The elections in Pakistan: After the street parties, will it be politics as usual?

The general election in Pakistan saw the largest voter turnout since the 1970s. But what of the accusations of vote-rigging and violence, and what does the future hold for Imran Khan?

On Saturday 11 May, Pakistan went to the polls, and the mood was jubilant. The international headlines may have described this as an election “marred by violence”, but in much of the country, it was like a giant street party. In Rawalpindi, young men with party colours tied around their head, Rambo-style, cruised around the streets, cheering, and jokingly exchanging insults with rival party supporters. People, from old to young, turned out in their droves to cast their votes, many for the first time, producing the highest voter turnout since the 1970s. In many areas, the queues at the women’s’ voting section were far longer than the men’s.

“We are facing terrorism, but this election itself is a good message,” said Muhammad Mazar, an architect originally from the Federally Administered Tribal Area (Fata), casting his vote in Islamabad. “It doesn’t matter who wins as long as it is a strong government. This election itself is our success.”

It was the first time in Pakistan’s history that one civilian government has peacefully handed over to another through the ballot box. However, despite the hopes of many, this was certainly not a victory for new politics.

At the time of writing, the votes are still being counted, but it is clear that Nawaz Sharif, head of the Pakistan Muslim League – Nawaz (PML-N) has won. His majority is even better than expected. He might have the 137 seats required for an outright majority, and if he does not, will be able to make up the numbers by getting a few independent candidates on side. He will not have to appeal to any rival parties for a coalition.

The “tsunami” of voters sweeping out the old politics, which Imran Khan had promised, did not materialise. This will be disappointing for the many supporters of his Pakistan Tehreek-e-Insaaf (PTI). Many of those out on the streets at election camps and polling stations on Saturday were voting for the first time because they has been mobilised by Khan’s youth-focused, highly charged movement.

“I’ve never voted before because I didn’t think politics was for people like me,” 33 year old Zahid told me at Imran Khan’s constituency in Rawalpindi. “But this time I’ve taken my whole family to the polling stations. We support PTI because we want a change.”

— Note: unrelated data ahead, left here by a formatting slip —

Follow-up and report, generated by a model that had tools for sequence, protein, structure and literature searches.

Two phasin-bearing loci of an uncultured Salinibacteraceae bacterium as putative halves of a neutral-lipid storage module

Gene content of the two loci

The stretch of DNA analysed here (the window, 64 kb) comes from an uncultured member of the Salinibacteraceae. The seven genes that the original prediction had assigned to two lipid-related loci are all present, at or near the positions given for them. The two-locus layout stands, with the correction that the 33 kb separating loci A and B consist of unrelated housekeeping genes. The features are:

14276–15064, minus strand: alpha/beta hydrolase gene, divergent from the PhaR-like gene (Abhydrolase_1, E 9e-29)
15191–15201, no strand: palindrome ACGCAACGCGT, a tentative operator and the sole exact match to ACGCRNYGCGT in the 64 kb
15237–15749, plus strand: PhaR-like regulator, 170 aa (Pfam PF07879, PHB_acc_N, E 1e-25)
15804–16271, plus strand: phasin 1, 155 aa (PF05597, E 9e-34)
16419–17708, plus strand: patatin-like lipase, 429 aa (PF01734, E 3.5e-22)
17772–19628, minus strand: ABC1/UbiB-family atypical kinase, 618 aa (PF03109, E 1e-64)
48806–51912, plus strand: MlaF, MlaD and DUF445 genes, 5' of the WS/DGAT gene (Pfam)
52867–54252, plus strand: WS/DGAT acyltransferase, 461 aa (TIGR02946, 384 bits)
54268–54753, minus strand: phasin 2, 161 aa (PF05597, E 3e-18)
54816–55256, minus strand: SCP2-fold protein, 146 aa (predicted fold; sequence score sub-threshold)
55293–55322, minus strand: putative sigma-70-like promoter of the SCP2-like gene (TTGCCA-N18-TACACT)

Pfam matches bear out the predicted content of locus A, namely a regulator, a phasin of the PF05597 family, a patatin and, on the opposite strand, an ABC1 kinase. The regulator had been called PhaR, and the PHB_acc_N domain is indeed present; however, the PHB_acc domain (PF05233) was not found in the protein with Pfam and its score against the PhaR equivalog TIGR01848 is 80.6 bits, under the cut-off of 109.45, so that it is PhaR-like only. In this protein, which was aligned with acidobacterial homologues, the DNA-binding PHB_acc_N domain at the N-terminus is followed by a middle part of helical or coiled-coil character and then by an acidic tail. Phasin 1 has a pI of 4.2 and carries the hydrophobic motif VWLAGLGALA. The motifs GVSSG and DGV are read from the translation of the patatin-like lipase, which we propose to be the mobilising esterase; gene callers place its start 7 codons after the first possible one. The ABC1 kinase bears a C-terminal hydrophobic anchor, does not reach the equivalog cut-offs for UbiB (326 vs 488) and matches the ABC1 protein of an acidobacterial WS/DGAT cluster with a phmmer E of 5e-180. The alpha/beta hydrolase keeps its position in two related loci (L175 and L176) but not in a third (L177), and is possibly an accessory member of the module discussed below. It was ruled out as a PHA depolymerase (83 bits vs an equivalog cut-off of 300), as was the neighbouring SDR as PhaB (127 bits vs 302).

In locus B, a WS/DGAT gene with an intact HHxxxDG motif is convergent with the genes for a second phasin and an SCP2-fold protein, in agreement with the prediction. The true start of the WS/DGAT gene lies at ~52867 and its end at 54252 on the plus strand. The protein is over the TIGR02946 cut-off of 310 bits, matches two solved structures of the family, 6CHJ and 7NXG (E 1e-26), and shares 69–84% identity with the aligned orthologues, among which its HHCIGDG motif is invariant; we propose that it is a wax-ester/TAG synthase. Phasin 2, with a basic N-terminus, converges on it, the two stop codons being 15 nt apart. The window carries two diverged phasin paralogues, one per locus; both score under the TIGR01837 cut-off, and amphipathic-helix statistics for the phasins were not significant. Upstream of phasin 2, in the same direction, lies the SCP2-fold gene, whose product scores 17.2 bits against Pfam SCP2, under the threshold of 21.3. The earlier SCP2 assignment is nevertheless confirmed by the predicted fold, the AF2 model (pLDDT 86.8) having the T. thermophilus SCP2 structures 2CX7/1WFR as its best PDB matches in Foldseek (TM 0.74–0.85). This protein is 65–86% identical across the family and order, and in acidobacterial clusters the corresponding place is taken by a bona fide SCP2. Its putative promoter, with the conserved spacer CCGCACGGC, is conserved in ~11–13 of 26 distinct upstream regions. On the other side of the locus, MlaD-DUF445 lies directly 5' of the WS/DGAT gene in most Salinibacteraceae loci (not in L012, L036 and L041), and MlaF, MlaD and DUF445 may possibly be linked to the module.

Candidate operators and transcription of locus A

So why didn’t Khan win? He has alleged vote-rigging. Undoubtedly, there were some instances of it, but not enough to have cost him victory. Perhaps the key point is that the old patronage networks that traditionally govern politics in Pakistan are incredibly difficult to break. Vast swathes of the country are made up of rural constituencies, where people vote according to what their local landlord tells them to do. Another thing to remember is that political dynasties have huge resonance in the sub-continent. Sharif may have been accused of corruption in both of his last terms, but at least he is not an unknown quantity. “He is a mature person,” PML-N supporter Fahad told me at an election camp in Islamabad. “The PTI has no policies. Imran Khan talks about change but he doesn’t really want it. The PML-N actually has policies for Pakistan.”

Certainly, Sharif inherits many problems. Since declaring victory, he has said that Pakistan is a “mess”, and that a “huge challenge” lies ahead. He’s not wrong. The economy is floundering, and terrorism remains a major problem. Sharif has said he has a 100 day plan to jumpstart the economy. The details haven’t been announced, but judging from past example, it’s likely to involve deregulation and privatisation. On terrorism, Sharif, a religious conservative, has said he favours negotiations with the Taliban. This will be a hard sell to Pakistan’s powerful army, which has lost many men in the fight against militants, and has said that it will not negotiate unless the Taliban lays down its arms. It will also be interesting to see how Sharif manages the extremist elements in southern Punjab with whom he formerly had some political ties.

The last few weeks have seen mad enthusiasm for Khan sweeping across Pakistan. Shirts with his face in Warhol-style prints have become popular, while the green and red PTI flag has been visible on houses and cars in all major cities. But although he did not become prime minister this time, the election certainly heralded his – and his party’s – arrival as a major political force. The PTI has never held more than one seat before; now it looks set to gain more than 30, and it will be one of the main opposition voices. Several weeks before the election, senior PTI workers already had their eyes on the next election: it is easier to go from opposition to leadership than from nothing to the top spot. Khan’s party looks set to win enough seats in the north-western province of Khyber-Pakhtunkhwa to form the provincial government there. This will be a baptism of fire for a party that has never known power. It is a region beset by militancy, and will fully test Khan’s pledge to negotiate with the Taliban and put an end to US drone strikes.

For the cynics, this historic election marked only the continuation of the power swap between the two political dynasties – the Bhuttos and the Sharifs – that has dominated Pakistan’s parliamentary politics for decades. But the importance of the election itself cannot be underestimated. Half of the carnival atmosphere on Saturday came purely from the thrill of being able to vote out one government and vote in another; something taken for granted in the west. Regardless of who was the victor, or even what they do in power, there remains huge optimism that this election has ultimately furthered the development of democracy, and will end up strengthening civilian institutions overall.

Click here to read more from Samira Shackle on the run up to the general election and the place of minority communities in Pakistan